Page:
Nintendo Switch FC: 4867-2891-2493
Switch username: Em
Discord: Heavyarms55 / SW 4867-2891-2493#1475
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PSN: Heavyarms55zx

KingMike

@Heavyarms55 The data format was different in Gen 1, as it only allowed 5-character Pokemon and trainer names in Japanese. They probably considered that would've been too short to create memorable (and marketable) names in English, so they had to raise them to 10 and 7, which meant changing the data. (yes, on computers and newer consoles they often use 2-byte Japanese encodings and 1-byte English which probably allowed newer games to support both Japanese and European languages without size issues (2 bytes could be one Japanese character or two European). But on 8-bit consoles like the original GB, they typically only used 1 byte encoding.)
As a consequence, the Pokemon Box size had to be reduced from 30 to 20 internationally (as one box was about as much as could fit in the original GB console's RAM (8 KB) without needing to swap data with the save file.) Though the number of Boxes was increased to make it an approximately equal total. Maybe localizations gained an additional 10 slots total.
Trivia: In playing the Japanese and English Gen 1 games next to each other, I found the Safari Zone tutorial text had to add a warning (not present in Japanese) for the localized version to recommend players choose a new PC Box first since the smaller limit meant they'd be more likely to reach it catching.

Since Gen 2 was designed to be backwards compatible with Gen 1, that meant Japanese and localized versions each had to retain data limits with their predecessors. (that included that Gold and Silver were also designed to be compatible with the original monochrome GB)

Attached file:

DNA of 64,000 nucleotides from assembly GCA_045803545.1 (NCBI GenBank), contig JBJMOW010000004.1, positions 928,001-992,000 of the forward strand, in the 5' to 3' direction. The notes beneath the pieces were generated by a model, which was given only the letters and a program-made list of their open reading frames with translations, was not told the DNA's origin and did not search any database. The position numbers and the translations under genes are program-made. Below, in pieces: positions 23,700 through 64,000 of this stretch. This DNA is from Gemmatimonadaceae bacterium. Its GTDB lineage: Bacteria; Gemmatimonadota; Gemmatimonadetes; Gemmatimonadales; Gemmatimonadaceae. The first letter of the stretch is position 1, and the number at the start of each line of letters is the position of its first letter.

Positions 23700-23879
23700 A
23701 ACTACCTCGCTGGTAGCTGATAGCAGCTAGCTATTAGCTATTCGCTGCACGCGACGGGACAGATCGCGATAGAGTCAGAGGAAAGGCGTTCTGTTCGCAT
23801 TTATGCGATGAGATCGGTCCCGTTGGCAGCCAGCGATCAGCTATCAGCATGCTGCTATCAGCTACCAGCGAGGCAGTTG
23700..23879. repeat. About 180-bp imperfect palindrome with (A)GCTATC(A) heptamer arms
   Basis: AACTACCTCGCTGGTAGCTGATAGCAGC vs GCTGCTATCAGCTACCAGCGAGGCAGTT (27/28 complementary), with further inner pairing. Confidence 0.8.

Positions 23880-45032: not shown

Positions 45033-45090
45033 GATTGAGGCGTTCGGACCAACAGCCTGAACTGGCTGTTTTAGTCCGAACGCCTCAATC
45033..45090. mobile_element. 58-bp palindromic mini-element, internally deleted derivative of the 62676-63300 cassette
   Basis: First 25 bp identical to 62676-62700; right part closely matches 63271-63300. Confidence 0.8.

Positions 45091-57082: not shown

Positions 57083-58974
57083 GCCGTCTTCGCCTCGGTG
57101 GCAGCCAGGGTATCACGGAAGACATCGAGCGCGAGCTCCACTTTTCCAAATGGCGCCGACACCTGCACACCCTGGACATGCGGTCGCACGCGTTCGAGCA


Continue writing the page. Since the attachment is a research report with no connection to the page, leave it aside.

KingMike

Heavyarms55

@KingMike Ah so that was the reasoning. It's not surprising though, very few words in Japanese take more than 5 characters. Because most Japanese characters are two sounds, both a consonant and a vowel. And Kanji can be even more because unlike hiragana and katakana, Kanji represents a meaning, not a sound. Take: 日曜日 Japanese for Sunday. Written in 3 Kanji. But if you were to write in our alphabet: nichiyoubi.

Sorry I'm kind of a nerd on this topic. I've lived in Japan for 5 years and am always learning new things in the language.

Nintendo Switch FC: 4867-2891-2493
Switch username: Em
Discord: Heavyarms55 / SW 4867-2891-2493#1475
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GX_64

@FluffyTheropod The original GBAs have pretty awful screens (no lighting, you need to be in the sun/ directly under a lamp), and they are quite expensive to replace with a backlit one. If you are not comfortable modding, I would suggest getting a newer one. The cost will be slightly lower overall.

GBAs themselves are region free, and as a fellow Australian, I would say that importing one online may actually be cheaper, make sure you check out that option.

Edited on by GX_64

GX_64